The Technology Saving Endangered Species
According to Stanford Social Innovation Review, one quarter of all plant and animal species are threatened with extinction today. Technology-driven economic expansion has long been considered the culprit for there being 1,000,000+ endangered species. In fact, many ecologists controversially believe that the emergence of humans will be marked as the beginning of the sixth mass extinction event in Earth’s history. While today’s extinction rate is nowhere near that of a mass extinction event (yet), it is 1,000x higher than natural background rates and continues to climb.
Most of the primary causes of today’s abnormal extinction rate have been driven by technological advancement. Technology has enabled efficient deforestation, intercontinental travel that brought with it invasive species and pathogens, mass hunting (overfishing for example), and the creation of non-biodegradable pollutants and industrially catalyzed greenhouse gas emissions. All of these issues pose a serious threat to species around the globe.
However, hope is not lost. In recognition of this biodiversity crisis, innovators have stepped in and leveraged technology to save species in a number of creative ways.
When collecting tissue samples from a large animal, such as a whale, it is often dangerous for conservationists and causes harm to the animal at the same time. However, these tissue samples are important for gaining critical insights into these organisms, tracking their health, understanding their biology, and opening the door for innovation to help these animals avoid extinction. So, a team of researchers at the ZSL Institute of Zoology came up with a creative, non-invasive (and somewhat funny) way to collect tissue samples from whales. Instead of collecting blood, these scientists collected tissue samples via blow-hole air, which is rich in snot. They did this by hovering remote-controlled helicopters with petri dishes strapped to the bottom (pictured below) over pods of whales. When the whales exhale through their blow-holes, their snot sticks to the petri dishes and these samples can provide incredibly valuable information without harming the whale.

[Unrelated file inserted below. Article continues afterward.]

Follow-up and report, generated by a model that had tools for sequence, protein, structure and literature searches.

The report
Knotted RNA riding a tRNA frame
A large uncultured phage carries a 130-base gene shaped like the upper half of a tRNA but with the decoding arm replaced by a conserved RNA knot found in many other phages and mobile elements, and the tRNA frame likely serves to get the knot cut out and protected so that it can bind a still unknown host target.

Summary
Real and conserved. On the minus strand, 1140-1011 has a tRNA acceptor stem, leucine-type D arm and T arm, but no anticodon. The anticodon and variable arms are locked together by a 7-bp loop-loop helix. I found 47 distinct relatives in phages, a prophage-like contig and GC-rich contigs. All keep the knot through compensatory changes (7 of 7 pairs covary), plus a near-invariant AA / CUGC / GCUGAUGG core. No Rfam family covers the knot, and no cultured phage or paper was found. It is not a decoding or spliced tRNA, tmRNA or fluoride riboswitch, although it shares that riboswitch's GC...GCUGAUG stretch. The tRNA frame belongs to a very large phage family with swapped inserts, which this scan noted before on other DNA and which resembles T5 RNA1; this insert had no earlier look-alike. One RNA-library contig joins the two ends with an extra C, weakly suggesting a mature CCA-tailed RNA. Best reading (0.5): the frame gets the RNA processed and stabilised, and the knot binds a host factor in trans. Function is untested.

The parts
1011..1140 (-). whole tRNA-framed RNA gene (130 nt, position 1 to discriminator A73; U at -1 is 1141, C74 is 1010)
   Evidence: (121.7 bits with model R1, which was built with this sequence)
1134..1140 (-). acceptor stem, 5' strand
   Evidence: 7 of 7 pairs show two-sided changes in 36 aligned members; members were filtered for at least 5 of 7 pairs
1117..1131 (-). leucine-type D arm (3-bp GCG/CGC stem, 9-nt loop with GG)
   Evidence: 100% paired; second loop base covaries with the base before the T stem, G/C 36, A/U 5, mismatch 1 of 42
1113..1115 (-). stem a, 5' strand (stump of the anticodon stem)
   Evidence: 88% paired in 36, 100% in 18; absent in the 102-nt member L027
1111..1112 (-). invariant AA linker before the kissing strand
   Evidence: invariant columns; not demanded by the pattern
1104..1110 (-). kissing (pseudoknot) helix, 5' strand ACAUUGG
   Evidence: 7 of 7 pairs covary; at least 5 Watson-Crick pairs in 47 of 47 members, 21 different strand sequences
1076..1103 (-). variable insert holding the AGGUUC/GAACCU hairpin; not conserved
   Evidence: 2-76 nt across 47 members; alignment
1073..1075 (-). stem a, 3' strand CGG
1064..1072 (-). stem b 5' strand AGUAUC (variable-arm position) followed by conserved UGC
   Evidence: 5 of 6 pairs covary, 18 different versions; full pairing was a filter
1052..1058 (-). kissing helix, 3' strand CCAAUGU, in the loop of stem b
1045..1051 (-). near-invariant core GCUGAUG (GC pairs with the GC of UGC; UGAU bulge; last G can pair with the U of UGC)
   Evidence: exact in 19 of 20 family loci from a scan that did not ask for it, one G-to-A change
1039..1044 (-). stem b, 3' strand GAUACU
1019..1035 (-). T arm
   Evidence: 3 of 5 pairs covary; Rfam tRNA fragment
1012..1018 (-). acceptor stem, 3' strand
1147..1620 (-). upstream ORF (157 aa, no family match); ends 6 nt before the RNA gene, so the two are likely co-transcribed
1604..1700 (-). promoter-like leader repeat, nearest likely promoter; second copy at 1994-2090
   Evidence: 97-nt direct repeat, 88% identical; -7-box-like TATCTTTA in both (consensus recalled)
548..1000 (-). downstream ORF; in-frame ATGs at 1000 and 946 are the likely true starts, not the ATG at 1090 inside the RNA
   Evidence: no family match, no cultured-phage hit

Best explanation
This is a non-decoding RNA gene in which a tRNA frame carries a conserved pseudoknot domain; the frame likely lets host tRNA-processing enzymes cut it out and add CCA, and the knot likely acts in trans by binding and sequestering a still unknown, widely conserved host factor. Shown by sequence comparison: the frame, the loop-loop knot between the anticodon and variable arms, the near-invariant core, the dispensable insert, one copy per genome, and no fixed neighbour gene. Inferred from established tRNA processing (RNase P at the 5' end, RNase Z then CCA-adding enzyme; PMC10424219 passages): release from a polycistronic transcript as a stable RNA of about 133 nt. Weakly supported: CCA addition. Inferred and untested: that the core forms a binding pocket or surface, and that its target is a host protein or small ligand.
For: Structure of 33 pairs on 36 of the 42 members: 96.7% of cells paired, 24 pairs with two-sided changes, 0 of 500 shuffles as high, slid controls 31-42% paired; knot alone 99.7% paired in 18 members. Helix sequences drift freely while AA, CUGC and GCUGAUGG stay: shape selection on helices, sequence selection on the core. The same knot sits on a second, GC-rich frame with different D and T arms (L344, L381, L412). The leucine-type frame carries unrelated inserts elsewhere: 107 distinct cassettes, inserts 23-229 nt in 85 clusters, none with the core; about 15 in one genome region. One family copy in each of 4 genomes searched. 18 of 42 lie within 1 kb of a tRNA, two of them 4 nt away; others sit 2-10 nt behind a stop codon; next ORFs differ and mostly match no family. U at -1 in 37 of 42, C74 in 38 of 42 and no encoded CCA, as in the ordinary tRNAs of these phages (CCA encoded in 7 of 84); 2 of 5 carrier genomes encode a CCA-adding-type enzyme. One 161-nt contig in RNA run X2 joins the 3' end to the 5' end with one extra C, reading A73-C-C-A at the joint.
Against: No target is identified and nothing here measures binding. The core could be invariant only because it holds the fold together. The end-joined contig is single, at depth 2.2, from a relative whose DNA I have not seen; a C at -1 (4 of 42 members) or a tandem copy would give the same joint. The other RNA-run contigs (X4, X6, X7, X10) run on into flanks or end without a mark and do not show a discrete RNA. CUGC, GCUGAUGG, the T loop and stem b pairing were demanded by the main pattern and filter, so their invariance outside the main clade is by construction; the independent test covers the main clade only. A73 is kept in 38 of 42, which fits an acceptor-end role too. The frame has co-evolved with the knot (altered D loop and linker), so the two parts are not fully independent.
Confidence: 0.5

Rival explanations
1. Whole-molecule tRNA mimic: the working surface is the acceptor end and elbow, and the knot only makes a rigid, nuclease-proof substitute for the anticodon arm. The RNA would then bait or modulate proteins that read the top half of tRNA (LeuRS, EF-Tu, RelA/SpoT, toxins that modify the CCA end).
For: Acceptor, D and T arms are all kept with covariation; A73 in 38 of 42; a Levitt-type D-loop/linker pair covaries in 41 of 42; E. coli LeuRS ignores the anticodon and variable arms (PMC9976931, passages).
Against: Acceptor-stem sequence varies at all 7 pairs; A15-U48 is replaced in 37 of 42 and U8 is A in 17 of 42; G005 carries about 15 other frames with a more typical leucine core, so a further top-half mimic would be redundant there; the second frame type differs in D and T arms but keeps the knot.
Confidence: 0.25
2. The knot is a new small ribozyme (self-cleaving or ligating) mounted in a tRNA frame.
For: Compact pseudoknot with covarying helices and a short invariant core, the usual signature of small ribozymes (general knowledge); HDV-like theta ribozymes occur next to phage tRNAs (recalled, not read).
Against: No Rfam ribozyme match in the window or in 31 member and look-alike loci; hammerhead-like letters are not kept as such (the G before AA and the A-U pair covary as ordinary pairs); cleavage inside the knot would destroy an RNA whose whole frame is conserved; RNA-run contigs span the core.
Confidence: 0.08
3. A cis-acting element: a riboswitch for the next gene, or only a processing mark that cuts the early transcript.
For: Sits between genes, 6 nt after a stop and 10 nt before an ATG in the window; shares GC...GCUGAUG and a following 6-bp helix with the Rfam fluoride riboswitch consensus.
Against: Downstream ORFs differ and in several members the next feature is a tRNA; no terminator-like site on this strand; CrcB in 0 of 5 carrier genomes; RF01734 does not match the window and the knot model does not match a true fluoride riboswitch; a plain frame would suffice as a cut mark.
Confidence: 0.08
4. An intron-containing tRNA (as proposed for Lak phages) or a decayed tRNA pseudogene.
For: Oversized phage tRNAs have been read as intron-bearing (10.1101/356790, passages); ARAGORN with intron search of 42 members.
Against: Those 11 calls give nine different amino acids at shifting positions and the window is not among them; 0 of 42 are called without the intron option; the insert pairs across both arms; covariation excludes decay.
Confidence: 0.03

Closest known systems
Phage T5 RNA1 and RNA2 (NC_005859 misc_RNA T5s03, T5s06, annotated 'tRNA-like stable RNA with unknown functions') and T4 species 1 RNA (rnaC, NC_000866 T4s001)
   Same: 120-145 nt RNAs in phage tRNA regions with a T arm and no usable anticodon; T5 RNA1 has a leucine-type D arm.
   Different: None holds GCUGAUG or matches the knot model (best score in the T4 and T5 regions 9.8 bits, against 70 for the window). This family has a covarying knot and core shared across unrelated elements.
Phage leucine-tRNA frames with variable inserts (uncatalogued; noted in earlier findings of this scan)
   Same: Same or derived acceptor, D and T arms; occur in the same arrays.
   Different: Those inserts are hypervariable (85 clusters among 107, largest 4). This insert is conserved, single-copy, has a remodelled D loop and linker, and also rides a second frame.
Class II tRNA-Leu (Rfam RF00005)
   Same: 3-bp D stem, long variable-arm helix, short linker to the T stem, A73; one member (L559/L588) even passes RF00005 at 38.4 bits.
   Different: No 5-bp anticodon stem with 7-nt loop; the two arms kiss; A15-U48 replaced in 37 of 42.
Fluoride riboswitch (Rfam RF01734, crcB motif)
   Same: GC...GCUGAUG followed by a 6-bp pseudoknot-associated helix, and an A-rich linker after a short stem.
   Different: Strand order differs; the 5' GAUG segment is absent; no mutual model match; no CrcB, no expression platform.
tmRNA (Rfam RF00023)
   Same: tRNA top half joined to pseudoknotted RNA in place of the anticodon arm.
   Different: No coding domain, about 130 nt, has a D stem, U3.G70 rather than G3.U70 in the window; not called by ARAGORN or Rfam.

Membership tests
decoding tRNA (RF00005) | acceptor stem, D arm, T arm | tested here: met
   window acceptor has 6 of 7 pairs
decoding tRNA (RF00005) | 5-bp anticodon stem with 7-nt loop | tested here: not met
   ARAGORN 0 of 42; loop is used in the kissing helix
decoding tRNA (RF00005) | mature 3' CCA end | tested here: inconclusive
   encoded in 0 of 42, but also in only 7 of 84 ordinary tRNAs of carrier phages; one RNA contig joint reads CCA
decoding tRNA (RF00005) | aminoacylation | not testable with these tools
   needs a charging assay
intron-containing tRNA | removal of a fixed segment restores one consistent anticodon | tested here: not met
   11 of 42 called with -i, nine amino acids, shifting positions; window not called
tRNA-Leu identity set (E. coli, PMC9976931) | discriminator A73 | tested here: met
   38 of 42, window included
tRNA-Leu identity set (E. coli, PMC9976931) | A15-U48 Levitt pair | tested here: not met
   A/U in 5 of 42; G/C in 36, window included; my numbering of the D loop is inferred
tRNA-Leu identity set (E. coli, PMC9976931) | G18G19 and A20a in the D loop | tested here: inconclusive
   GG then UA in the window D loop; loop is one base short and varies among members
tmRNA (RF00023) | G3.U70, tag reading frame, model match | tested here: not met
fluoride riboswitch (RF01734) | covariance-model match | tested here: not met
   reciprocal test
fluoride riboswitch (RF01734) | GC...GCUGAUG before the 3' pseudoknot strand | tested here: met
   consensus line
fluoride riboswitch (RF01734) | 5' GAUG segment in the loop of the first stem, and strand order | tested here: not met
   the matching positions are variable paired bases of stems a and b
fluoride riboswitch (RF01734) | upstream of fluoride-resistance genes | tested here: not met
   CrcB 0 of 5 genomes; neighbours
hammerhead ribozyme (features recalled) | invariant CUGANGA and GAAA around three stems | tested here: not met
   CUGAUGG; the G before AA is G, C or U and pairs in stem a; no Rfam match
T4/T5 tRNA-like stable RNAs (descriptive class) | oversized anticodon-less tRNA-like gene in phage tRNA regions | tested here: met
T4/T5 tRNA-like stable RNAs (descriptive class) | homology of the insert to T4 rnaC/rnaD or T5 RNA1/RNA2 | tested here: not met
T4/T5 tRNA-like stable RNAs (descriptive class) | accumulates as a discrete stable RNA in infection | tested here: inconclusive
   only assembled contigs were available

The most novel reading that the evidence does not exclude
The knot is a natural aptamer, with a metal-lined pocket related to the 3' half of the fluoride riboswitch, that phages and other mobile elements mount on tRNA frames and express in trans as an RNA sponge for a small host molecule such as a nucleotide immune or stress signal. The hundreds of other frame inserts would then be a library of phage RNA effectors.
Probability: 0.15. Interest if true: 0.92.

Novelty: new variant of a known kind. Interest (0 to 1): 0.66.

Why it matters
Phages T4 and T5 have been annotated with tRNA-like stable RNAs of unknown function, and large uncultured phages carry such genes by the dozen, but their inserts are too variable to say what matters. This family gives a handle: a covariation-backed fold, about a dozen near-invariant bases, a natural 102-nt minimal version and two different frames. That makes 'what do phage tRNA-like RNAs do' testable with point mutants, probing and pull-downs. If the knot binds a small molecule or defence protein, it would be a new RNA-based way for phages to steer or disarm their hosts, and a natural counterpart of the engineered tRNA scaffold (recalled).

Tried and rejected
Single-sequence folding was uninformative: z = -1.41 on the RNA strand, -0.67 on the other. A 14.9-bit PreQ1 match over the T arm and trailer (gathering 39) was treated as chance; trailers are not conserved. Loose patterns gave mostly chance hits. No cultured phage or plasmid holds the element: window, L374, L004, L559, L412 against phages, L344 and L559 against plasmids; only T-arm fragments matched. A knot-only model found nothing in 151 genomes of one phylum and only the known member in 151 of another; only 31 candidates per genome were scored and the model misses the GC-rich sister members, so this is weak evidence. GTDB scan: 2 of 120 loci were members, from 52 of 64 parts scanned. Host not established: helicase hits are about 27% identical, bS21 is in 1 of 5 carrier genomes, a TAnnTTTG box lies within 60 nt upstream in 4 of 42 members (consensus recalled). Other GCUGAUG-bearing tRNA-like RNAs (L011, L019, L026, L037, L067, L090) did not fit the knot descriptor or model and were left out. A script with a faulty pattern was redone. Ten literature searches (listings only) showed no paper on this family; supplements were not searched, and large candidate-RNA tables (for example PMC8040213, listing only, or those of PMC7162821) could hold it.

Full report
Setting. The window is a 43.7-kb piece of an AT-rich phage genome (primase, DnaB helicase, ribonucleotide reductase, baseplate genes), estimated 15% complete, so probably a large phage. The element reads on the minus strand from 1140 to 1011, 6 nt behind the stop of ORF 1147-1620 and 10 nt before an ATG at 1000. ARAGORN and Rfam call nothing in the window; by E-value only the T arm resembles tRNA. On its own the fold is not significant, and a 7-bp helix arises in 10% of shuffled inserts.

Many animals are hunted and harvested for their unique biological outputs, but what if we could create these outputs in other ways? A channel of biotechnology called biosynthesis does just that. Biosynthesis is the synthetic creation of biological outputs. One famous example of biosynthesis is the creation of insulin by using bioengineered bacteria instead of domestic animals. This reduces the cost of creating insulin — providing an immense benefit to those who need it — while also increasing its availability. Biosynthesis has also been used to create synthetic alternatives to horseshoe crab blood, which has been predominantly used in pharmaceutical testing (pictured below). Biosynthesis techniques can also be used to combat the previously untreatable fungal diseases that are killing masses of bats, amphibians, coral reef systems, and many plants across the globe. Recently, synthetic meat has been successfully created in labs using animal DNA. This biotechnology may soon eliminate the need to kill animals for meat. Furthermore, plant-based protein products, while not biosynthetic, are saturating the market and to a degree, replacing meat in many consumers’ diets. Lastly, scientists are currently researching how biosynthesis could be used to create ivory, a resource typically obtained from elephant tusks. Should it be successfully created, this synthetic ivory could be used to outcompete poachers and thus protect elephants from being hunted to extinction.
Aside from poachers, the biggest threat to elephants’ survival is human-animal conflicts. Many elephants are killed by people when they pillage farms and/or wander into settlements and display aggressive behavior. To address this problem, smart collars with SIM cards have been developed. These collars are capable of sending text messages with the animal’s location both to track their movements for scientific research and to warn farmers and other civilians when elephants are approaching their area. This helps people distance themselves from elephants when they encroach on human settlements to prevent the life-or-death situations that result in both human and elephant fatalities.